Theme 2.1.1 & 2.1.2 - Internal and External finance

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Note by sophie terry, updated more than 1 year ago
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Created by sophie terry about 4 years ago


A-Level Business Studies (Theme 2) Note on Theme 2.1.1 & 2.1.2 - Internal and External finance , created by sophie terry on 06/17/2017.

Resource summary

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INTERNAL & EXTERNAL FINANCE Sources of finance: (where to get money from) Family & friends Banks  Peer-to-peer funding Business angels Crowd funding Other businesses   Methods of finance: (what type of finance is available) Loans Share capital Venture capital Overdrafts Leasing Trade credit Grants      

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Reasons for raising finance: To start up a company - A business would seek out a loan through a business plan, or they would ask their friends and family for financial support.  To pay back debts. For example; paying back suppliers. To expand: A business may apply for a long-term finance such as ; a loan. To buy stock - A business may ask a supplier for trade credit. This could be for 30, 60, or 90 days. 

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Friends & Family Private limited companies (Ltd.) are able to raise finance by selling shares to their friends and family.  A sole trader or partnership may also find that their family wants to contribute to the business. Their reasons may be for personal interest, a share of the profits or maybe for the possibility of an interest free loan amongst the family.  The advantages of using friends and family as a source of finance, is that the owner may still be able to keep control of the business. Plus, they may be better able to trust their business investors, in comparison to complete strangers.  The disadvantage of using friends and family for sources of finance, is that it may cause tension or conflict if the finance is not repaid, or if the business does not prosper / grow.

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Owner's capital: This is also known as an owner's equity.  Sole trader start-up capital. It shows how much stake the owner has in the business. It represents the net assets of the company.  The owner may have used savings or a redundancy payout to start up the business, which is still owed back to the owner. 

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Retained Profits. After a year or two or trading, a business may have some leftover profits that they are able to re-invest back into the business to help it grow.  A good business should continually re-invest in new staff, new equipment, stock, their premises or their vehicles.  However, if the business is in its first year of trading it will NOT have any retained profits to use. An advantage of retained profits is there is no interest to pay when using it. Although once it has been used, it is gone. 

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Sale of assets.  A business can raise finance by selling items they already own.  For example this could include:  Machinery Land Premises Vehicles Once the business sells that particular asset, it will no longer have the benefits of that assets and it will not be shown on the balance sheet. As a result, the business may look less attractive to investors.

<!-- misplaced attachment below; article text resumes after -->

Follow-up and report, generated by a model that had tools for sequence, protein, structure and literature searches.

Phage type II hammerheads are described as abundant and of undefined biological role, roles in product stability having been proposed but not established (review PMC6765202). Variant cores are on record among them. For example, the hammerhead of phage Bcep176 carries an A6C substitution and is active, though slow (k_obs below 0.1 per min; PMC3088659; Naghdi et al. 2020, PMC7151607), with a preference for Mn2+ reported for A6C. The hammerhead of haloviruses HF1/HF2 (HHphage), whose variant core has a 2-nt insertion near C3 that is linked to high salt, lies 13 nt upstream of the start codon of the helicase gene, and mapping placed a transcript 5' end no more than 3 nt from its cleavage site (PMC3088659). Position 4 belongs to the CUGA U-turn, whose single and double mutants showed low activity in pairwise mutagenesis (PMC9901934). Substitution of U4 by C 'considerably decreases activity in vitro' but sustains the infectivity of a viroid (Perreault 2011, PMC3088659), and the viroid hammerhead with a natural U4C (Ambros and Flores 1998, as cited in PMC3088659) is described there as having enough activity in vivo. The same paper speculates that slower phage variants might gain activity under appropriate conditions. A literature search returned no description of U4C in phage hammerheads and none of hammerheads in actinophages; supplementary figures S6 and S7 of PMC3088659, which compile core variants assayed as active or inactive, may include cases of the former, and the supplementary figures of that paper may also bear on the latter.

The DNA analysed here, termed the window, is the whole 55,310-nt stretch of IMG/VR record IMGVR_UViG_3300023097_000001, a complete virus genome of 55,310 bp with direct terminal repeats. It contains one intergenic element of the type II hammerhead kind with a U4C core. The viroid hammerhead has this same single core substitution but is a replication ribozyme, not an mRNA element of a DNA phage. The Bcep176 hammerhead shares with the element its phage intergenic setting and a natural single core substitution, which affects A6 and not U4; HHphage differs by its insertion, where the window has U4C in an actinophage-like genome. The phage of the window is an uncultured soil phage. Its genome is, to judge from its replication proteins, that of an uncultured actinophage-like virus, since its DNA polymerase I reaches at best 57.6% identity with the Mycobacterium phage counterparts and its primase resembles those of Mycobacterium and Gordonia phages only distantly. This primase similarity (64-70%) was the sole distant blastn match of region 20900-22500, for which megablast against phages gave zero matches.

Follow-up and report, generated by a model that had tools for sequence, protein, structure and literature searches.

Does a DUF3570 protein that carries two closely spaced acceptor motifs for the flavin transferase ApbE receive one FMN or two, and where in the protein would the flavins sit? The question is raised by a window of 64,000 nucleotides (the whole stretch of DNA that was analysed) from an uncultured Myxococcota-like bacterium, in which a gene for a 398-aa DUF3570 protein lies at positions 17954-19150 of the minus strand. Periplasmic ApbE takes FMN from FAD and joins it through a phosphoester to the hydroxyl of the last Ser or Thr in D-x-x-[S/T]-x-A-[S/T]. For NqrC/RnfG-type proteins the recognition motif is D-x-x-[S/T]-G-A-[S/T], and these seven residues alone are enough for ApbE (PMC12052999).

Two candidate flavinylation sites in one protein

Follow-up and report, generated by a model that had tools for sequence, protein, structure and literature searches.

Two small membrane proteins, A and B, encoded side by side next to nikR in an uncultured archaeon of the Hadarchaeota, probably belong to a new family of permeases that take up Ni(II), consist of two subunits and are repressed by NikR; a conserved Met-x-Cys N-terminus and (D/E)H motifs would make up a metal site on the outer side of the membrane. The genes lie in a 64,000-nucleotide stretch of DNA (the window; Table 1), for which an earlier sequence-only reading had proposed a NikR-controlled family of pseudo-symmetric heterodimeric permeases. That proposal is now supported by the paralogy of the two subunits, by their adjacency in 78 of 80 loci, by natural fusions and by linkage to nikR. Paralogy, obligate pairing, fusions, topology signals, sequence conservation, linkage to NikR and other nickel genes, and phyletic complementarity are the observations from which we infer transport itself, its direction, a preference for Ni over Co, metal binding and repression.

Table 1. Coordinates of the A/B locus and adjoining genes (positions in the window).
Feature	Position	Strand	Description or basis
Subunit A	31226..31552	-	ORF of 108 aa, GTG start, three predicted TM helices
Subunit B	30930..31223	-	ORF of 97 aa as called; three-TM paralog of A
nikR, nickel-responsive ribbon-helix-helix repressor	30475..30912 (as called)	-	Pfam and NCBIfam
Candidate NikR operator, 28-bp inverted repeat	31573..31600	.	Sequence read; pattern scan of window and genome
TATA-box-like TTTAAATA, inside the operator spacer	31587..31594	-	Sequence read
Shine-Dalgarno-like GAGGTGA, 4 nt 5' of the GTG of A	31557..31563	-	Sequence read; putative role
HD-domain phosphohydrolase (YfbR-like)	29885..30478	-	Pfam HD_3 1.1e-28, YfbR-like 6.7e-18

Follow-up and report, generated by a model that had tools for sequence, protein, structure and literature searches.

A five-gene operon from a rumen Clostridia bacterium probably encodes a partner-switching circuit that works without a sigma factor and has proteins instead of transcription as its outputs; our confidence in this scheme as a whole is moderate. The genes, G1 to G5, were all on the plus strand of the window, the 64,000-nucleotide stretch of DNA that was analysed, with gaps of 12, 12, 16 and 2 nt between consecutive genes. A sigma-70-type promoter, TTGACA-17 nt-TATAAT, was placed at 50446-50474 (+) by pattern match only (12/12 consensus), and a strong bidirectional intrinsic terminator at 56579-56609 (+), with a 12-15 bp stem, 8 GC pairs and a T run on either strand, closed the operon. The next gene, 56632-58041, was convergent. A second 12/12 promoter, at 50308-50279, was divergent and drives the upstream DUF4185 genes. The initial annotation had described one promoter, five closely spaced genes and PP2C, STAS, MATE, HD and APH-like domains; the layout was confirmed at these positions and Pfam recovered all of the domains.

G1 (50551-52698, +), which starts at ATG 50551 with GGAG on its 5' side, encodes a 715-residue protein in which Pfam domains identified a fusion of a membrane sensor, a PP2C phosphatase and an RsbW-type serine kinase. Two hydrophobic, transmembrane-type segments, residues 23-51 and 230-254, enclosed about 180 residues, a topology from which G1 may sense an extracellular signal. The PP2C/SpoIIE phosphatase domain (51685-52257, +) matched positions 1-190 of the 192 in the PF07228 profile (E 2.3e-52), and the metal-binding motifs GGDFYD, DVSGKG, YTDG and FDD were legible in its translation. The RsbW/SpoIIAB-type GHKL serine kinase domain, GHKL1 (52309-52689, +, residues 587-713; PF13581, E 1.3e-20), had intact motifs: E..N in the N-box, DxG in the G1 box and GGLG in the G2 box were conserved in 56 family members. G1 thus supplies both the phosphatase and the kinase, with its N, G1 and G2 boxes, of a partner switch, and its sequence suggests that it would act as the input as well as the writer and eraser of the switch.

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Banks Banks may lend a loan to businesses to help them start -up or grow. They may also offer them financial advice or an overdraft to help when they have cash-flow problems. Banks also have connections with other businesses who may be able to help or contribute.  Banks are also a trustworthy source of finance as they must honour their promises. They also provide online banking and easy accessibility for businesses to track their finances.

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Peer - to - peer funding. Also known as lending, it can be abbreviated to 'P2PL'. This type of method for raising finance offers high rates to savers who are willing to lend their money to start-up businesses, as well as, other individual borrowers.  They also offer lower rates to borrowers than traditional banks, making it easier for businesses to pay back their debts.   

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(Debt) Factoring: Where a business raises cash by selling off their debts to a finance company. The finance company then pays around 90% of the debt value in cash, before collecting the debt themselves. The reason for this may be so that businesses can receive cash straight away, rather than waiting 28 days to be paid the full amount.   

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Business Angels Angel investing is an equity finance (sale of an ownership interest) An angel investor uses their own personal, disposable finance and makes their own decision about making the investment.  The angel investors would normally take shares in the business in return for providing the equity finance.  Alongside having financial support, business angels also offer their experience and knowledge to help the company flourish. Angel investors look to have a return on their investment over a period of 3-8 years.  They can either invest on their own or with a group of people.  Angel investors either actively take on a role on the board, or they actively support the business. They may also act quietly as part of a group with a lead angel taking the role above on their behalf.